How do you go to church on Sunday morning? Do you go with a heart full of longing to meet with God and his people? Do you have a mental checklist of things you want to see happen, or not happen? Do you have to force yourself to go because you know “that pastor” is preaching? Do you eagerly anticipate the worship experience and look forward to what will happen? Do you go because it’s what we do on Sunday—whether we want to or not? Do you go because it won’t look good if you don’t? Do you go because it fills your soul?
If we’re honest, we’ll answer yes to all of these questions. At some point in our lives each of these situations has been true for us. And for the most part that’s fine because we are, in fact, human. Being human means that sometimes we’re positive, understanding, upbeat, faith-filled, and accepting. And other times we’re judgmental, selfish, doubting, unreasonable, and just a pain in the neck. All of our human qualities, both the warm fuzzy ones and those that set others’ teeth on edge, go with us wherever we go—even to church.
Add to all this humanness that we, churchgoers, can be consumers. There’s church shopping when we check out one church after another to see which one suits us best. This isn’t all bad or even wrong. It’s important to find a church home in which we can share our gifts, grow in our faith, develop relationships, and serve others.
However, trying to find the church that suits us to a tee is not only impossible but unhealthy. Even those of us who don’t have the option of such shopping can take on a consumerist mindset in our home church. As long as we feel satisfied or that our needs are being met, we’ll be content. But when things don’t quite go the way we want them to, we start to grumble either internally or externally, or both.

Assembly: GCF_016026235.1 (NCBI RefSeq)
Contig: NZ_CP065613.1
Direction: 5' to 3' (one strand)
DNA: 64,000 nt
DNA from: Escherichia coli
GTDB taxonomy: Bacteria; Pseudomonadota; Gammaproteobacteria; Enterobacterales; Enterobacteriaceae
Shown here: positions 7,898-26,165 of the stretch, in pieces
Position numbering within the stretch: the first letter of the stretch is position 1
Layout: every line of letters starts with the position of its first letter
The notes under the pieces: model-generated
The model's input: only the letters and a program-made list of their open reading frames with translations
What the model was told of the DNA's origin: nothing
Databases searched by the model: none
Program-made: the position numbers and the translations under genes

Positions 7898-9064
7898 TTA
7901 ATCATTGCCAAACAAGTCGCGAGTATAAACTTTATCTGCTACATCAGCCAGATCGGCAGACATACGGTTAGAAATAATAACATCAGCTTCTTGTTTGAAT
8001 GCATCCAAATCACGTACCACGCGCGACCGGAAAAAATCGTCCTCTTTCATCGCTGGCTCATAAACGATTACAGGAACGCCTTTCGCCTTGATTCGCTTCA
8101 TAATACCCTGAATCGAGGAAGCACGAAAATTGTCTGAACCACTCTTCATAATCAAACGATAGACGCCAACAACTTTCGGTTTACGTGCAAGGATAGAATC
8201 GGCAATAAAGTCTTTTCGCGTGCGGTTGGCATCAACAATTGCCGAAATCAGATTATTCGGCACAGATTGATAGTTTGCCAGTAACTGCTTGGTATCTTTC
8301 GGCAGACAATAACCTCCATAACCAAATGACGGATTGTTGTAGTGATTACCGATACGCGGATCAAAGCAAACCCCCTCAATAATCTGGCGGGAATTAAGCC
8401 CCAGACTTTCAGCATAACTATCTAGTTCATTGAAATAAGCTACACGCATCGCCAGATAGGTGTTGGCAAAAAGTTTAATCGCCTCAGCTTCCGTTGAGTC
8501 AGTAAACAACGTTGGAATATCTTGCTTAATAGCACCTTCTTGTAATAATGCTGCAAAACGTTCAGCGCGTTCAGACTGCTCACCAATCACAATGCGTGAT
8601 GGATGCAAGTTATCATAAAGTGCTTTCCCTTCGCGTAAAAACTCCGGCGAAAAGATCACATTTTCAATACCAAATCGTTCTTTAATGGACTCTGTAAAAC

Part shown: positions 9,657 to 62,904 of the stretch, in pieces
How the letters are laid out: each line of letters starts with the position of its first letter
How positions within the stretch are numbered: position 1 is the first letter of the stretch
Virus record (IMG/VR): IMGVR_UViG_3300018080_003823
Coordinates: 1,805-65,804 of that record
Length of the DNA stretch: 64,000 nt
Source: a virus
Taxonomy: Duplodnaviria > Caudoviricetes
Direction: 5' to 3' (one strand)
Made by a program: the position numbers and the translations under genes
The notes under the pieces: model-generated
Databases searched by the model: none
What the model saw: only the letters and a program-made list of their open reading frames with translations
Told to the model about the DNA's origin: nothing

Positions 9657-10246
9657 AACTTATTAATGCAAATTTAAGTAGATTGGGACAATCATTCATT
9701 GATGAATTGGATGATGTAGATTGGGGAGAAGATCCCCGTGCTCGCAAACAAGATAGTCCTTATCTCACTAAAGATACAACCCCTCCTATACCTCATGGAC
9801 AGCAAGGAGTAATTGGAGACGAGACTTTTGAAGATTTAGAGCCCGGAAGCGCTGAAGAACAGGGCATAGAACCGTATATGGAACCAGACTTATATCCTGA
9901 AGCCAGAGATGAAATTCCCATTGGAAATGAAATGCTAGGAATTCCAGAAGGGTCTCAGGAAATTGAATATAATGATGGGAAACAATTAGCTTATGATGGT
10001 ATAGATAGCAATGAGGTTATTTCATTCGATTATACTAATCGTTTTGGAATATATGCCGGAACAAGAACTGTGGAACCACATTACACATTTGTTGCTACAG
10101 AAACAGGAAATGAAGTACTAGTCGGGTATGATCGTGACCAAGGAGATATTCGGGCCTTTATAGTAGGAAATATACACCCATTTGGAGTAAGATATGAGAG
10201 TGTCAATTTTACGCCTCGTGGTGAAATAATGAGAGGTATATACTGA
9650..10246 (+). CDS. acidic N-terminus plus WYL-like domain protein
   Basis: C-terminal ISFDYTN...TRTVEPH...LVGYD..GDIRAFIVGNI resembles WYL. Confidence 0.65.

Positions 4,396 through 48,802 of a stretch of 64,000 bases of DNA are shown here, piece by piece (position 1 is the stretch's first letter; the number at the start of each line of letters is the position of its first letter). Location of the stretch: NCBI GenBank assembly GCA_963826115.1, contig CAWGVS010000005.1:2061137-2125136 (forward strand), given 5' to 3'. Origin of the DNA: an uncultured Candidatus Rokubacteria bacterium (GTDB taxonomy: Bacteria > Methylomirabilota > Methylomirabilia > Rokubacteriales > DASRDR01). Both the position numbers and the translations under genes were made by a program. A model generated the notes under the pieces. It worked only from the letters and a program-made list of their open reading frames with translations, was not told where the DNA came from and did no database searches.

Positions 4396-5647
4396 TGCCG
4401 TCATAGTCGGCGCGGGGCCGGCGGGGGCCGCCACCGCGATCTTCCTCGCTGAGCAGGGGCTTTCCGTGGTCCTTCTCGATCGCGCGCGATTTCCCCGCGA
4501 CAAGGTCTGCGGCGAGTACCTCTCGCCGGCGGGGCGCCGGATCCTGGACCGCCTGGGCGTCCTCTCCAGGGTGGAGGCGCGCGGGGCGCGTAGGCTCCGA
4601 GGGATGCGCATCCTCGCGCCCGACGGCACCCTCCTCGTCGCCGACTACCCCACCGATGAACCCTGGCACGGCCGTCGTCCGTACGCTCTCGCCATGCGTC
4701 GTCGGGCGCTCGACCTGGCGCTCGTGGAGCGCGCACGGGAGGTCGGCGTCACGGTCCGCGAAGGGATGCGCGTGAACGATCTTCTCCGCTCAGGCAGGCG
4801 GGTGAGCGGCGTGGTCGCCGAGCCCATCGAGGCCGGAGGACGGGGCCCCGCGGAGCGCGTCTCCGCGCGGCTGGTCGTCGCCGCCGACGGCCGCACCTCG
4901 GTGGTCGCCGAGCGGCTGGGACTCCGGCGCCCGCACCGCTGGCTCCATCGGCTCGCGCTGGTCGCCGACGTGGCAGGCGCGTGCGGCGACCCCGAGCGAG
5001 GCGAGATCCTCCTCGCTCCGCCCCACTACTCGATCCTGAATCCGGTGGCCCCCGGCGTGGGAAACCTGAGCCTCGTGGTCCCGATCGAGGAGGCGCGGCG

Most of us only spend a few hours a week at church or involved in church matters. We can step in and out of it with relative ease. Not so for the pastor. Pastors are immersed in all things church. They’re called by God to minister his people and the community. The work is fulfilling, draining, life-giving, soul nourishing, meaningful, never-ending, delightful and at times, just plain difficult.
Pastors know that all of the folks showing up on Sunday morning can answer yes to at least one of the above questions—all on the same day! They know there might be church shoppers present. Regular attenders may or may not be happy with what’s going on. That’s a lot of pressure! No one can flourish with all of this swirling around in their head and heart. Some pastors even find the fear of losing people or turning people off such that they do what they can to keep everyone satisfied and happy. That’s just impossible.
I met with a search committee a few years back and asked them what they wanted in their next pastor. The list was long as it usually is. So I asked a few pointed questions such as:
Is it more important that the pastor is a good preacher or a good administrator?
Is it more important that the pastor spends a lot of time visiting or in the study preparing for Sunday?
I then lead them in a discussion about giftedness, personality types (introverts/extroverts), the church’s vision for ministry, the importance of fit between the pastor and the congregation, and other key things to consider when calling a pastor. Many of these they’ve never thought about before.
Finding the “right pastor” for your church is important. It impacts a lot of things and people—including the pastor. However, this alone won’t result in people entering church every Sunday morning in the best possible frame of mind thinking only good things. It won’t solve all the problems, the budget shortages, or the consumerist mentality. There’ll be great times and less than great times. After all, pastors are human just like the rest of us. They’re a mix of wonderful qualities, gifts and skills, and some less than glowing things. At times, they can even be a pain in the neck.
Pastors are human. Let’s not expect more from them than we ought to.
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